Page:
The Medicare population, specifically, is becoming increasingly segmented as patients age into the program. A brand new Medicare beneficiary may not be a digital native, but they have been living and working with technology for the past few decades. They have grown accustomed to digitization in every other facet of their lives, from banking to shopping to entertainment. They expect technology to be integral to the ways in which they engage, access, and experience care, as well – no matter who they are or where they live.
Patients want to engage more with their care teams, but clinicians are only reimbursed to focus on the patients who are in front of them. Digital health has made incredible advancements in recent years, extending provider organizations’ clinical capacity, providing patients with resources they wouldn’t otherwise have between their visits, and empowering care teams to better manage high-risk patient populations.
Technologies like remote patient monitoring (RPM) devices and chronic care management platforms are giving providers detailed insight into their patients’ health and wellbeing when they’re not directly in front of them. Devices for patients with hypertension and diabetes are providing clinicians with the actionable data they need to make proactive, informed decisions about their patients and enabling incredible quality of life improvements. Despite the obvious benefits this would have for patients and clinicians in geographically-distributed communities, FQHCs and RHCs cannot currently get reimbursed for remote patient monitoring. Their patients not only expect their clinicians to be equipped with innovative technology, they are entitled to it – especially considering the greater access to high-quality care that technology is enabling elsewhere. While some rural health centers do provide tech-enabled services to their patients, those that do rely exclusively on temporary grant funding to do so.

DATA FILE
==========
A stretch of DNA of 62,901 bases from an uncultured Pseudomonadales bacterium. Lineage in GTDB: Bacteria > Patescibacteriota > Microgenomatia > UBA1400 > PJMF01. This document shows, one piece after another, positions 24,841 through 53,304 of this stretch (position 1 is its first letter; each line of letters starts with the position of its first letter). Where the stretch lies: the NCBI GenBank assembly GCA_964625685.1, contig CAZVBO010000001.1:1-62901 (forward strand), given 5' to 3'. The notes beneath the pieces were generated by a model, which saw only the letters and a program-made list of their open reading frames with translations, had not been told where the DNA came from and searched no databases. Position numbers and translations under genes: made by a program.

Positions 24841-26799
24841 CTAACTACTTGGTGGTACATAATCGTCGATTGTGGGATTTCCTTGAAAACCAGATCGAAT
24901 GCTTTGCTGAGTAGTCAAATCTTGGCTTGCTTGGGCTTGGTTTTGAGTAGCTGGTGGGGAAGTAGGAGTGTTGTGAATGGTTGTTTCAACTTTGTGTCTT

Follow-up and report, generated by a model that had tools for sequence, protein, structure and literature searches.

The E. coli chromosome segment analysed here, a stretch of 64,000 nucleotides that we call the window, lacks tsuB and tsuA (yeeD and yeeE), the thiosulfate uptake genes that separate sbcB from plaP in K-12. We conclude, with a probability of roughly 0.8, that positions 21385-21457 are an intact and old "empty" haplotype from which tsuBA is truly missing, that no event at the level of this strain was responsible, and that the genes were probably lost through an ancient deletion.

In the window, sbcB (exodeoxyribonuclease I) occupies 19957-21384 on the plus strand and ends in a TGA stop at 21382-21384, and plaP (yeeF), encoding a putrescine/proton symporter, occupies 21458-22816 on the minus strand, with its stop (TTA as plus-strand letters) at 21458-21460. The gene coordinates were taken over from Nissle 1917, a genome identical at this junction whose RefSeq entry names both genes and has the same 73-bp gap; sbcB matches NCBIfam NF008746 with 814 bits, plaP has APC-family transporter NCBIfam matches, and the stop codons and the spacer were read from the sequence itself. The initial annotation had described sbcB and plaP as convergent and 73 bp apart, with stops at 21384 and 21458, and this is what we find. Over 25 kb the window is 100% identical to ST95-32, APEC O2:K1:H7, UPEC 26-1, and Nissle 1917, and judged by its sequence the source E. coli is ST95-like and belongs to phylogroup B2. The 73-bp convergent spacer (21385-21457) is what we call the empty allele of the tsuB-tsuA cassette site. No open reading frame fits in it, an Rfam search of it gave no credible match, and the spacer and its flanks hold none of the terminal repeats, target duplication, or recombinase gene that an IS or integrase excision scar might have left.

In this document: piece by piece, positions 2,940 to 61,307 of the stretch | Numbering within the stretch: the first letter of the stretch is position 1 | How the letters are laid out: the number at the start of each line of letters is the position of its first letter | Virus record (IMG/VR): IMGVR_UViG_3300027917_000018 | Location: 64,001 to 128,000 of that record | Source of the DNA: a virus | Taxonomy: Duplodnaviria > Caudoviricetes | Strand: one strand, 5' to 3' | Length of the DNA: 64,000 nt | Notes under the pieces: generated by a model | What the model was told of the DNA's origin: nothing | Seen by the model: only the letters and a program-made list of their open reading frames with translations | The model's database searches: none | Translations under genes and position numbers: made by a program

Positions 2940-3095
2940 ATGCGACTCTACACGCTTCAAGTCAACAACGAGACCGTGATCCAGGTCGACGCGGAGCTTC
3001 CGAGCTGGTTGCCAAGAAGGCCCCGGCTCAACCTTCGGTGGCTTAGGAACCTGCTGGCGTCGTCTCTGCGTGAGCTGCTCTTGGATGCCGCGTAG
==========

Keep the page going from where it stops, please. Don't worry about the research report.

The Centers for Medicare and Medicaid Services continues to double down on its strategy to transition all traditional Medicare beneficiaries to value-based arrangements by 2030, and this past January began the first performance year of the new ACO REACH Model, redesigned to incorporate the administration’s commitment to health equity. Building health equity and accelerating the movement toward value-based care within the next seven years will require a catalyst. Providing health centers in underserved communities with the opportunity to embrace tech-enabled services – to provision their patients with the resources that are available elsewhere – would cushion clinicians, increase access to quality care for patients, and open the doors for widespread value-based care adoption.